Husserl’s (1905) account of time-consciousness is, in a number of respects, similar to James’. Unlike James, however, Husserl has at his disposal an intentional account of perceptual experience. Like James, Husserl claims that, in the experience of an event, one has at any one moment not only an experience of the phase occurring at that moment, but also the phases that have just occurred, and the phases that are soon to occur. His labels for these three aspects of experience are, respectively, ‘primal impression,’ ‘retention,’ and ‘protention’. All three must be in place for one’s experience to present something as an event. The primal impression is an intentional awareness of the present phase of an event as now happening; the retention (or, ‘primary memory’) is an intentional awareness of a past phase of the event as having just happened; and the protention is an intentional awareness of the future phase of an experienced event as about to happen (although Husserl says more about retention than protention it is worth noting that the ‘perceptual anticipations’ that I mentioned in the previous post are protentions. Thus protention is a fundamental feature of Husserl’s account of the perception of three dimensional solid objects).
On both James’ and Husserl’s accounts, at each moment I am perceptually aware of more than what is occurring at that moment. That is, what is happening now seems to be surrounded a ‘temporal horizon’ of what happened then and what will happen. But this, it would seem, involves denying the truism that perceptual experience is and seems to be concurrent with that which is perceived. Drawing on Phillips’ (2010) presentation of this worry, we might say that the perceptual experience of a duration of time ought itself to seem to possess a duration. But, on Husserl’s account, the perceptual experience of duration is seemingly available at a moment. And that, we might think, is phenomenologically implausible.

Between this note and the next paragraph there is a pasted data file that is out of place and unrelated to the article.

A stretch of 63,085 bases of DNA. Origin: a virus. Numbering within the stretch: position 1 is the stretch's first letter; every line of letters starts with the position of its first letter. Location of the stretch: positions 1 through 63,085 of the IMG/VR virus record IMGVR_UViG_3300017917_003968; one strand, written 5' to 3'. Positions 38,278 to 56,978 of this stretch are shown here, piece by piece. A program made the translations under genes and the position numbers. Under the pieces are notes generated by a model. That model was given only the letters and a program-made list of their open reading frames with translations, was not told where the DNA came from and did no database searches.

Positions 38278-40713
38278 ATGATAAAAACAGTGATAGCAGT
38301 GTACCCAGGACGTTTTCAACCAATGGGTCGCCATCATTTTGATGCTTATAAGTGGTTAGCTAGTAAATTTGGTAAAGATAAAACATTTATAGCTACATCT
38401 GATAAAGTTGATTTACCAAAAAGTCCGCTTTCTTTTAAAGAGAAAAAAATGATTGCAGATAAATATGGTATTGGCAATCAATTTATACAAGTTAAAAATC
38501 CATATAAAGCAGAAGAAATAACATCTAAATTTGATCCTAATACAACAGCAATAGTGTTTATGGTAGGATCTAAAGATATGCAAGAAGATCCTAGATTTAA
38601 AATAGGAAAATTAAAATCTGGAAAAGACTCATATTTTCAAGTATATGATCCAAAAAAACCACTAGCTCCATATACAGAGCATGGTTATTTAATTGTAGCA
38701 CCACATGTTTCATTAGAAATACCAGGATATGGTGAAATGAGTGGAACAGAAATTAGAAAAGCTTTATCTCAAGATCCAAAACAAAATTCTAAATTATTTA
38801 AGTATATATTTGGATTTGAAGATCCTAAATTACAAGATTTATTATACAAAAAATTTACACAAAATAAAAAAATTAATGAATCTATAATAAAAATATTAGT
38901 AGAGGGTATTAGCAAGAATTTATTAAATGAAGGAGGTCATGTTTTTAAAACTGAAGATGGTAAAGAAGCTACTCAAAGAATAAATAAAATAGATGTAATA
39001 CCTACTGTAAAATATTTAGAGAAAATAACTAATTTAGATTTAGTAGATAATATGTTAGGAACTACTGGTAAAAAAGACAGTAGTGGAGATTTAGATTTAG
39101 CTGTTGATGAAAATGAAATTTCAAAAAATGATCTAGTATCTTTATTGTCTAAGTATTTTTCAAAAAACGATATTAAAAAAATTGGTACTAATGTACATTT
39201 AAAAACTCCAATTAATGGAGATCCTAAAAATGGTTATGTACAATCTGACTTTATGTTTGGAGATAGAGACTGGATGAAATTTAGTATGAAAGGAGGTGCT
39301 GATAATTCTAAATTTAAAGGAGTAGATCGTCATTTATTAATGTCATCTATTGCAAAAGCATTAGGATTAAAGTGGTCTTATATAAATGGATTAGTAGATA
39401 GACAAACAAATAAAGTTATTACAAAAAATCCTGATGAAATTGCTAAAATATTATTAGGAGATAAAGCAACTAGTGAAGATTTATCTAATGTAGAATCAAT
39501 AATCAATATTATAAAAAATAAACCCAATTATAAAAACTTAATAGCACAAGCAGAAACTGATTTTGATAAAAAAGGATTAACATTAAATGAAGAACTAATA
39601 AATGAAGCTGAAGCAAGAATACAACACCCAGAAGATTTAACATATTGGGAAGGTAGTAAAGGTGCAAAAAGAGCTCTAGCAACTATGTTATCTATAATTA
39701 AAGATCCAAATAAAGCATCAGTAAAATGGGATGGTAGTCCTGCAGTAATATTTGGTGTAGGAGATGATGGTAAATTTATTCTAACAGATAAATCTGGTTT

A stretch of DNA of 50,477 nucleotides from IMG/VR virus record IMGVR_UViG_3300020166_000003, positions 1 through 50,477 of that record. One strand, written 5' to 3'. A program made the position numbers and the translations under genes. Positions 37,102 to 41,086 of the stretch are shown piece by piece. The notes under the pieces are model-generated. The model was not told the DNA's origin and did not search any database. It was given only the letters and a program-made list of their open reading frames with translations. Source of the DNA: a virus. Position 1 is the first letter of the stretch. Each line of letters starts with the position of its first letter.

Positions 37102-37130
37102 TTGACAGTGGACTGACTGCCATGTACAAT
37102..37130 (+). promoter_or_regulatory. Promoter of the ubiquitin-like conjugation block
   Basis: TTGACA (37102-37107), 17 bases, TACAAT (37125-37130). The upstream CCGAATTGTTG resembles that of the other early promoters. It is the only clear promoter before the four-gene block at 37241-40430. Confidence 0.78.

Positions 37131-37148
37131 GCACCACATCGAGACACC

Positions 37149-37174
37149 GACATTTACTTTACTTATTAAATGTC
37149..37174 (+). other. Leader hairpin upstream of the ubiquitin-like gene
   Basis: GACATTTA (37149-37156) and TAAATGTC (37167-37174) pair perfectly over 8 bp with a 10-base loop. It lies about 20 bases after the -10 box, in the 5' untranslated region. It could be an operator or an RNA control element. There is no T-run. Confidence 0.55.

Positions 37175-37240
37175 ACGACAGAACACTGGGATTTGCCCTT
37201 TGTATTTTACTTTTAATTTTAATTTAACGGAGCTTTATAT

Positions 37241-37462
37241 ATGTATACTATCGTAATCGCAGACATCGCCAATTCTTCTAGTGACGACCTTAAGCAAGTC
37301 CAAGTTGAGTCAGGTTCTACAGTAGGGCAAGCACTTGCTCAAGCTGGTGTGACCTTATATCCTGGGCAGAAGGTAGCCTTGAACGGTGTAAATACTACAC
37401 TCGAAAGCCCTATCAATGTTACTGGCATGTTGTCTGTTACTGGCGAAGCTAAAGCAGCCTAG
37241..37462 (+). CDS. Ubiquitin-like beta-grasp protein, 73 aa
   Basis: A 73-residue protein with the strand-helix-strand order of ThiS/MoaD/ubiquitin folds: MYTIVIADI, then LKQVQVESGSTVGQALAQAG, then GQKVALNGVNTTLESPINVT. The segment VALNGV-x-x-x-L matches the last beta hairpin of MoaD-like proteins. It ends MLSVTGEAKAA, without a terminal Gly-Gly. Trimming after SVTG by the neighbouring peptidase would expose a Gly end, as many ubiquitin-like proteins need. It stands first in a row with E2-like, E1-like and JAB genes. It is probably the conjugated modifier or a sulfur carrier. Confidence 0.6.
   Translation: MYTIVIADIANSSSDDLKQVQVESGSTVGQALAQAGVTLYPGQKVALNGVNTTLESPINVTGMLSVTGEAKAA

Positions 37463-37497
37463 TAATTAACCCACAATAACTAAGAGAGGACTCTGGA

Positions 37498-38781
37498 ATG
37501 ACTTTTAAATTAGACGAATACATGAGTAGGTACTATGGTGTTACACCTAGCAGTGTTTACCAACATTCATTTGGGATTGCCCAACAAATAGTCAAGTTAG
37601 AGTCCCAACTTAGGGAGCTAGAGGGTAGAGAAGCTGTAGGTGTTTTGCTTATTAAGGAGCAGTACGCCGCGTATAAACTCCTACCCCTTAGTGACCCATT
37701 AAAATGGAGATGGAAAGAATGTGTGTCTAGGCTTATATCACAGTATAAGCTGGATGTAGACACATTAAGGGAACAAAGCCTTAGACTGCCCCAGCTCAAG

Can the Husserlian account be defended against this objection? Maybe. We can concede that it is implausible—perhaps both phenomenologically and metaphysically—to suppose that I can instantaneously experience an event with duration. But it is not at all obvious that this is a consequence of the view under consideration. It can be argued that, on Husserl’s picture, the experience of an event must indeed take the same period of time as does the event itself, since each phase of the event must be experienced as now (via a primal impression). Thus, we can accept that the perceptual experience of a duration of time ought itself to seem to possess a duration. But doesn’t the Husserlian account allow that, at an instant, I experience more than what is taking place at that instant? Yes, but not as happening now! One way of describing the content of one’s perceptual experience of the sequence abc, at the time of b, would be, “a(which was preceded by a, and will be succeeded by c). The retentional and protential elements here provide the context, or temporal horizon, of that phase of the event that is taking place at the time of the primal impression. This doesn’t mean that I can instantaneously experience an event with duration, any more than the analogous claim that each point in visual space seems to be surrounded by further points means that I experience an extended space at a point.